This time of mourning

For an hour, we stood wedged inside the Polish Church on the Rennweg. The rotunda of the church was packed; people stood shoulder to shoulder listening to the priest, offering words of comfort during this time of mourning.

Outside, the overflowing crowd lingered in front of the entryway, standing on tiptoes, craning their necks to get a glimpse inside. Cheeks were wet from falling tears; many lit the red votive candles, placing them beside a memorial of photographs and flowers honoring the Polish officials and others who had died in the crash that killed 97. They were on their way to a memorial service in honor of the c. 22,000 Polish officers slaughtered by the Soviet Union World in War II. It was ironic and heartbreaking.

Stunned by the events of the crash, my friend was in church for the first time in years; like the several hundred who were there, he was devastated.  I wanted to be there. It didn’t matter that I don’t understand a word of Polish.

The news had hit him hard, which in a way was odd, considering his family had emigrated in 1994 when he was seven. But although he had lived most of this life in America, he once told me that his heart had remained in Poland. His best memories were experienced on the green meadows of a farm, which is still his favorite place in the world.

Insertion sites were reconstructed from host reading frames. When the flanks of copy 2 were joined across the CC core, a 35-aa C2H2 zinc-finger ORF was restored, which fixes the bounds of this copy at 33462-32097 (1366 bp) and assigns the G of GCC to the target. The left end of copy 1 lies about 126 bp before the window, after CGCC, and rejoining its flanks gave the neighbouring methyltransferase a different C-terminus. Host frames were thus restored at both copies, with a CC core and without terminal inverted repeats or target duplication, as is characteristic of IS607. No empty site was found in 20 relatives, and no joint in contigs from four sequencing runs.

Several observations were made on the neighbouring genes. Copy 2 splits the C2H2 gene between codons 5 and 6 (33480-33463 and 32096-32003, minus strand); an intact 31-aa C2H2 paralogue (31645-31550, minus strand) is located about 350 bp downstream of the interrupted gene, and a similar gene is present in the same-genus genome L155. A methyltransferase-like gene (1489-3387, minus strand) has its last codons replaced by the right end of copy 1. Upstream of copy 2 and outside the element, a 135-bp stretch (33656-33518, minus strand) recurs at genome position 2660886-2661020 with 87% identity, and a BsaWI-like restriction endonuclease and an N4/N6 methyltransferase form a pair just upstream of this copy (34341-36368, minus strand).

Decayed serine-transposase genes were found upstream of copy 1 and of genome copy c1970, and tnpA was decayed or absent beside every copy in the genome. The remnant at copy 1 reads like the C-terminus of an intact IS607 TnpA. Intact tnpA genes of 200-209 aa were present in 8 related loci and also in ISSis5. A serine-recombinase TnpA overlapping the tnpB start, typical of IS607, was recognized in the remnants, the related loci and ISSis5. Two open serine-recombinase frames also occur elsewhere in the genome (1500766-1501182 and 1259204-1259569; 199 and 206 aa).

As I stood inside the church, taking in the foreign sound of the Polish hymns, I tried to understand my friend’s deep sense of loss, something I imagine he has subconsciously felt since he was a boy and was forced into a new country, with a strange language and culture. Fully integrated, but still an outsider.

But today it was I who was the outsider. I would never fully understand the meaning of this loss. In this setting, with the strangeness of foreign sounds swirling around me, all I could do was remain silent.

Joanna Castle

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